Wednesday, April 30, 2014

Saving the Critically Endangered Palila Bird

Hawai’i is one of the most isolated lands in the world, sitting in the middle of the vast Pacific Ocean, almost 2,500 miles distant from San Francisco, its closest port-of-call. Up until the arrival of the first humans (some 1,700 to 1,200 years ago), the island chain was populated solely by flora and fauna that arrived in one of three ways: via bird, winds, or ocean currents. And many of those plants and animals that did manage to make the long voyage evolved over millions of years into completely new, distinct species.

downtown Hilo’s new Palila mural,
painted by Kathleen Kam
(you can order a signed print of the mural here)
It has been estimated that there were some 8,500 native species on the Hawaiian Islands before the arrival of the first Polynesian sailors, and that about 96% of these were endemic—i.e., they evolved on the islands and were found no where else in the world. Perhaps even more interesting is that these endemic species are thought to have evolved from only about 1,000 original colonizing species. In other words, some eight new species evolved from each one that made it to the islands. (Many of these facts, as well as ones that follow, are taken from this document.)

Saturday, April 12, 2014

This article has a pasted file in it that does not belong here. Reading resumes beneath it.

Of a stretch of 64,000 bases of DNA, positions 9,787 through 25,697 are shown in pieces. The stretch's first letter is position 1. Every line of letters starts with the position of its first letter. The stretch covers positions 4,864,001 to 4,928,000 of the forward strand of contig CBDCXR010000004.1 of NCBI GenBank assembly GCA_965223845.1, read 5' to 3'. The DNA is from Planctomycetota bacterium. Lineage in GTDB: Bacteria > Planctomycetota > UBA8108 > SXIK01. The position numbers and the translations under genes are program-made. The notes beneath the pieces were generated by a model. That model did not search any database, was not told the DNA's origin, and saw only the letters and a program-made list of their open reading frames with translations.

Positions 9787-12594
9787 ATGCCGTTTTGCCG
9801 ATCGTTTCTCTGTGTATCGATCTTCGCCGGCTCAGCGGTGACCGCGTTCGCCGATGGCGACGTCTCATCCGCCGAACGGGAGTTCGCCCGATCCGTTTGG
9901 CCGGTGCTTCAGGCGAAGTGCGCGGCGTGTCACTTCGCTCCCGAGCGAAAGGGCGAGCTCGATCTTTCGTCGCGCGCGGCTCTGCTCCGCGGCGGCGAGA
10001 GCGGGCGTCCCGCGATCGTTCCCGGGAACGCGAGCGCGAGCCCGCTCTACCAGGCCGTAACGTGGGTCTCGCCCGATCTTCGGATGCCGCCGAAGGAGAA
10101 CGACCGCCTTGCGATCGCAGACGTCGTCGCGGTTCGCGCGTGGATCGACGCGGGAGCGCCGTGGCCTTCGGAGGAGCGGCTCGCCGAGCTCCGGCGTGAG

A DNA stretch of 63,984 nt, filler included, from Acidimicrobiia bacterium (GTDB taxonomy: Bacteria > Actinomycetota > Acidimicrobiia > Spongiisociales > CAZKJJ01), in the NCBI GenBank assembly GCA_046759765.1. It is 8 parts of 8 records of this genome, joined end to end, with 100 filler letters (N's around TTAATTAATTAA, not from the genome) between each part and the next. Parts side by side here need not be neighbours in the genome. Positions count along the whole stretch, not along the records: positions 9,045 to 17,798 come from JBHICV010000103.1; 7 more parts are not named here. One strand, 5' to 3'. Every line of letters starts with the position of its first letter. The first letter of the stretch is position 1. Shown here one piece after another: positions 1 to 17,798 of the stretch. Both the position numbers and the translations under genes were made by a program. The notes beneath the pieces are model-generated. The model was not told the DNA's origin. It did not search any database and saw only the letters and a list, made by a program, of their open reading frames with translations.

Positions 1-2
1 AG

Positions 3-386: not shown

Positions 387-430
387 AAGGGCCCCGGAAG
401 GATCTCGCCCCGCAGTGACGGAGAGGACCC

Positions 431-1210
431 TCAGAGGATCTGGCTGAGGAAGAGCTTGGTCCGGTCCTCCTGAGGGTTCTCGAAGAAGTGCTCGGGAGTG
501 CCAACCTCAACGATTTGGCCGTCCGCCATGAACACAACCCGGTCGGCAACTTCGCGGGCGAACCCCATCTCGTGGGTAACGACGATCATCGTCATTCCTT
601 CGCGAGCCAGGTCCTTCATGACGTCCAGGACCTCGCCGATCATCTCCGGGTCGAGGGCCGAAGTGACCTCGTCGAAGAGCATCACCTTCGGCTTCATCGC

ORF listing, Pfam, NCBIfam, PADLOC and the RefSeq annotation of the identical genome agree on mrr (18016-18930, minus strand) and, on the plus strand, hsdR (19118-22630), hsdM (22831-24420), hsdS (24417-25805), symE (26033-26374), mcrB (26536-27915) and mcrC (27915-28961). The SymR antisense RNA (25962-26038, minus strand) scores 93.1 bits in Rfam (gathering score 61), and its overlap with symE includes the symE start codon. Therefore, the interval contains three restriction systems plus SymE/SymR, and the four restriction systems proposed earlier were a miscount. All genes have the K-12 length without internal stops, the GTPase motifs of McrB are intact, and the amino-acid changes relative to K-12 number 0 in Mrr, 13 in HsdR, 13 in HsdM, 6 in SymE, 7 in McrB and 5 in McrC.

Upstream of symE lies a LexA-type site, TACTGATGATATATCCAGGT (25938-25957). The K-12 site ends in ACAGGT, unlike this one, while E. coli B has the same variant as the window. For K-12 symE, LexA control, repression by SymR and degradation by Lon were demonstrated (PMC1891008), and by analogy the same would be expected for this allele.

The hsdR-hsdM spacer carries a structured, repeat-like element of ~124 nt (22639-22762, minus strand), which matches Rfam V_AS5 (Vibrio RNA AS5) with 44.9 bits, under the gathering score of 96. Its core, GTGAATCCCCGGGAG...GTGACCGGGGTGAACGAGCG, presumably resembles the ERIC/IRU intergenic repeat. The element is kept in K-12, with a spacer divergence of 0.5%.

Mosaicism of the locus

Making Leis

Its been a very Hawaiian week. Which isn’t all that surprising, given that I’m living in Hilo—perhaps the most “Hawaiian” of all the locales in this state.

Okay, some of you may be thinking that Hawaiian culture doesn’t have a whole lot to do with either custard or clues. But indeed it does! For I am currently working on the sequel to my first mystery m.s., which sequel takes place in Hawaii. It’s a sort of fish-out-of-water story, in which my protagonist Sally Solari of Santa Cruz, California, finds herself delving into the unfamiliar culture of the Big Island as she attempts to solve a mystery: Whose body did she witness being covered over by hot lava?

So back to my Hawaiian week. Last Saturday I had the opportunity to join in the Kauluwehi Lei Workshop, hosted by several agencies (including the DLNR, NARS, and the Three Mountain Alliance) along with the Wailoa Arts and Cultural Center. (The Wailoa Center is also hosting a lei contest in conjunction with the workshops. No, I will not be submitting an entry, but I will go check them out.)

The workshop took place at about 5,000 feet, on the Pu‘u Maka’ala Natural Area Reserve, which lies on the eastern flank of Mauna Loa. The reserve is one of the few pristine native forests left on the Big Island, and is host to some of Hawaii’s rarest birds, including the nene (Hawaiian goose), ’akiapola’au and i’iwi (honeycreepers) and i’o (Hawaiian Hawk).